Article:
It's hard to believe that was almost 30 years ago.

Lovely boat. Have you cruised her much? The region we are hoping to cruise is the South Pacific from North America to Australia. What conditions would say she operates with the least efficiency and are there aspects of the rig that you would have done differently?

I really appreciate the feed back. It helps that you are speaking with 'real world' experience not just theoretical knowledge.


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Old 28-01-2015, 22:03   #12
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Re: Single Junk Rigs

Yes, it is a popular activity to laugh at the waves during passage to Rotto. Then sit at the Quokka Arms and say things like.. “is that our boat dragging across the bay?” Bit windy over there..

We have sailed 4,000 Nm from WA’s south west over the top to QLD since launching 15 months ago. This is a flat bottomed dory hull (a Badger) with a heavy mast sitting on the bow. The heavy bow means short chop affects her performance more than most, longer chop she’s ok, its when made to go head on into short 1m waves, 2 to 3 knots speed is wiped off. A little across wave, like usually on the other tack is no problem, she will plough to windward at her usual 4 to 5 knots. Though this is normal for all boats, I suspect ours is affected more so. One passage we made was upwind into 30 knots, swell was big but long, so the boat did quite well, averaged 3.5 knots all day with the tiller lashed.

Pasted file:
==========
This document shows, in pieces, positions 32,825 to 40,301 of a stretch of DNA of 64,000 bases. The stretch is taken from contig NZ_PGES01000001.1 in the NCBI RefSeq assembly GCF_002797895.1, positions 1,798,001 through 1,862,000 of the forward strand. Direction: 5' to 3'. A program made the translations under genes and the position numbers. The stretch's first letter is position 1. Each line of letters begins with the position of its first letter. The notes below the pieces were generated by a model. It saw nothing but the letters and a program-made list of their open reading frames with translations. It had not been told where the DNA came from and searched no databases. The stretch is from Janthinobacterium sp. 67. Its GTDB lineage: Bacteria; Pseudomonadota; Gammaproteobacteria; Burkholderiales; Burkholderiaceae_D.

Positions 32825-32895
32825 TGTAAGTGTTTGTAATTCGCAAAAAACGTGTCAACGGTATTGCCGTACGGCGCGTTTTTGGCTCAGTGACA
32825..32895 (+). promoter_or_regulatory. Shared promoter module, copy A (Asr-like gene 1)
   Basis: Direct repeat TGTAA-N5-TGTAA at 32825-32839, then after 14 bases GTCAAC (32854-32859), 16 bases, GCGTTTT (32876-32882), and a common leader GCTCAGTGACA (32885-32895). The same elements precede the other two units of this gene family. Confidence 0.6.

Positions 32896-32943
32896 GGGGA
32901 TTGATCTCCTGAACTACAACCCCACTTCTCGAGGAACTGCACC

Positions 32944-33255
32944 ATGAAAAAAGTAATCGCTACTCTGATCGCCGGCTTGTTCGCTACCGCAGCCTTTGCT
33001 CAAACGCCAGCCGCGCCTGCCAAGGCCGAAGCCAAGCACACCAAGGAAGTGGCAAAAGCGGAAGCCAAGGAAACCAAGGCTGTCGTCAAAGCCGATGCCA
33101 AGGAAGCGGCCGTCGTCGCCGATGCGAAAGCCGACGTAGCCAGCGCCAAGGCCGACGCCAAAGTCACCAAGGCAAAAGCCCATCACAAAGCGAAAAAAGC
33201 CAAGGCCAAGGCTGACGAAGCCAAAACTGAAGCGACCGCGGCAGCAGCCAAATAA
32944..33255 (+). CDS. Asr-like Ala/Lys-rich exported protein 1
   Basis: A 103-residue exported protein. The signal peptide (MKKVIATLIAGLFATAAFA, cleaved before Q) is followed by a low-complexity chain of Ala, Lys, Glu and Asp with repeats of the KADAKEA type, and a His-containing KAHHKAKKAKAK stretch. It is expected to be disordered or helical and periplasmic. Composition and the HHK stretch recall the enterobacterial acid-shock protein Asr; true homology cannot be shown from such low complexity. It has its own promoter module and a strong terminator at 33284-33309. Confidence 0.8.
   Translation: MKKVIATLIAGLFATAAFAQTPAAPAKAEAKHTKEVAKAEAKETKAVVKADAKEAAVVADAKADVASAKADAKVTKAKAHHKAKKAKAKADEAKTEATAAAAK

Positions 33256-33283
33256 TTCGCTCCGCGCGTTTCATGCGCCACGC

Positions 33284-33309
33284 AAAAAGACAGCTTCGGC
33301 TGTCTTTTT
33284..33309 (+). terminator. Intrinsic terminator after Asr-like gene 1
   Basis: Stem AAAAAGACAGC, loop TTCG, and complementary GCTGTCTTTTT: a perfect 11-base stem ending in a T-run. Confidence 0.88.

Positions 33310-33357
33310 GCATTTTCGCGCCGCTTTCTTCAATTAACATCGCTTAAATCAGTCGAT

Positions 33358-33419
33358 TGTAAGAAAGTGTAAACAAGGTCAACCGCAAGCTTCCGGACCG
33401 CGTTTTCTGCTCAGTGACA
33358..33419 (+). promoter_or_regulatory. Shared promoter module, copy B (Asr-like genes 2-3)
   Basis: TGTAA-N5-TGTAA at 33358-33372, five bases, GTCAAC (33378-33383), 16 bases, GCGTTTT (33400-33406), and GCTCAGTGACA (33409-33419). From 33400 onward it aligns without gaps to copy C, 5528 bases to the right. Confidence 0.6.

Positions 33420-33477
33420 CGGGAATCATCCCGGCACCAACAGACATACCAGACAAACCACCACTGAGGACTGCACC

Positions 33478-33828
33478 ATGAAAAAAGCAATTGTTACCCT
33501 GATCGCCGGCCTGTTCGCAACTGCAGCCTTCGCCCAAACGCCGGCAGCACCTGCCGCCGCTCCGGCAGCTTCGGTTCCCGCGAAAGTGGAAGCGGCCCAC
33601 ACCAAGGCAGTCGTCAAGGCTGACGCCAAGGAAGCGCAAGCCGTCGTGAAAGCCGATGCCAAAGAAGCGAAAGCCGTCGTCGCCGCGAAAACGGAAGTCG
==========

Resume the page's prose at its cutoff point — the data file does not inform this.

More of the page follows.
But the above is to do with the hull and weight distribution, a fast (or slow) hull is going to be fast (or slow) no matter which transverse rig is on it - BM, crab claw, gaff, junk. If you want a fast junk rigged boat, find a fast hull and convert that. You can't go wrong.

I don't think there is any region our boat cannot go. The Hill's sailed their Badger into both Arctic and Antarctic circles and endured 70 knot winds. Its the simplicity and ease of maintenance of the junk rig which suits it to remote cruising. A cruiser we met had a rip in both their main and genoa, they loaded their side decks with fuel and motored 600 miles to to the nearest sail maker. We don't have those issues, there's a sewing machine on board and the low stress rig doesn't require any precision in repairs, just patch it up, not that we've needed to do any yet.